Glee Project’s unconvincing anti-bullying video

The Glee Project‘s music video challenges are one of its best components; watching them be constructed is interesting, and on their own, they sometimes rise to a level that transcends the original song. They can even be truly artistic.

For Tuesday’s “Vulnerability” episode, the cast discussed being bullied–or bullying others–and then acted out various bullying scenarios to R.E.M.’s “Everybody Hurts.” It was, in the grand tradition of Glee, overwrought and overly sentimental, and for me, didn’t have anywhere near the impact of last year’s “Vulnerability” episode video. That produced a cover of “Mad World” that was haunting and far more subtle–even though the contestants were wearing actual labels. It did a more effective job of illustrating how people are shunned thanks to who they are. (Both videos are below.)

For the episode, which cheated its ending like last year’s finale, Oxygen partnered with The Bully Project, which was created by the documentary film about bullying in schools, Bully. (That film initially received an R rating for its language, meaning the kids under 17 who perhaps most needed to see it wouldn’t be able to.)

Bullying is, of course, awful and unacceptable, and it’s great for a show that reaches teen audiences to message about how damaging bullying is. But I wonder how effective this message is when they’re trying so, so hard to force that message.

Surprisingly, man not eaten alive on Eaten Alive

Eaten Alive

Discovery Channel’s happy family holiday special Eaten Alive aired Sunday, rewarding viewers for their two full hours of viewing by ensuring that they spent quality time in the company of others instead of wasting that time doing something else that might not have been as satisfying, such as buying things that have labels which accurately reflect their contents.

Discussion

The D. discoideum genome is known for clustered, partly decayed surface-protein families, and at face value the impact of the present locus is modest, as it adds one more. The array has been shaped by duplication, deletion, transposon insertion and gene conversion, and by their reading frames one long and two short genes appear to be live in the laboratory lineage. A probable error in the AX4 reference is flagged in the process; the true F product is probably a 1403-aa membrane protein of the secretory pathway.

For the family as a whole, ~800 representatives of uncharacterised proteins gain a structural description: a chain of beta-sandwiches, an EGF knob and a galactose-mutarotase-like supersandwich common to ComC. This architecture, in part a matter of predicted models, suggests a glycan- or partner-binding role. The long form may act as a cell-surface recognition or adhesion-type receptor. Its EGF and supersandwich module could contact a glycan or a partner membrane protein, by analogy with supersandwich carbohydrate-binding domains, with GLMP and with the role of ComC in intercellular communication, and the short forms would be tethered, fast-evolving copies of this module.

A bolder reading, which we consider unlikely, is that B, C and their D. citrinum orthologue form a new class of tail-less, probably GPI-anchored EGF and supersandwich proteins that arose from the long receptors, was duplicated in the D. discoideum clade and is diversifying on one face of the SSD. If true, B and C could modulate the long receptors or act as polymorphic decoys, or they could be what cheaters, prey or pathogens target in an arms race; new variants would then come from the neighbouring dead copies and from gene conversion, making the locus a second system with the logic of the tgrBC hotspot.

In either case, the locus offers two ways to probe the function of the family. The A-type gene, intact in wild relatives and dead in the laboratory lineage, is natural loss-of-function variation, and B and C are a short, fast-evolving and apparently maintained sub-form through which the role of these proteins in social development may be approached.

Winter 2015 reality TV debut schedule

winter 2015 reality TV schedule

Mark your calendars with all these upcoming reality TV show debuts, including Celebrity Apprentice, The Bachelor, and another season of MasterChef Junior, all of which kick off in early January.

There are also 20+ shows debuting in December--including the one-off return of The Sing Off. No winter break for reality TV.

about the writer

Andy Dehnart is a journalist who has covered reality television for more than 15 years and created reality blurred in 2000. A member of the Television Critics Association, his writing and criticism about television, culture, and media has appeared on NPR and in Playboy, Buzzfeed, and many other publications. Andy, 36, also directs the journalism program at Stetson University in Florida, where he teaches creative nonfiction and journalism. He has an M.F.A. in nonfiction writing and literature from Bennington College. More about reality blurred and Andy.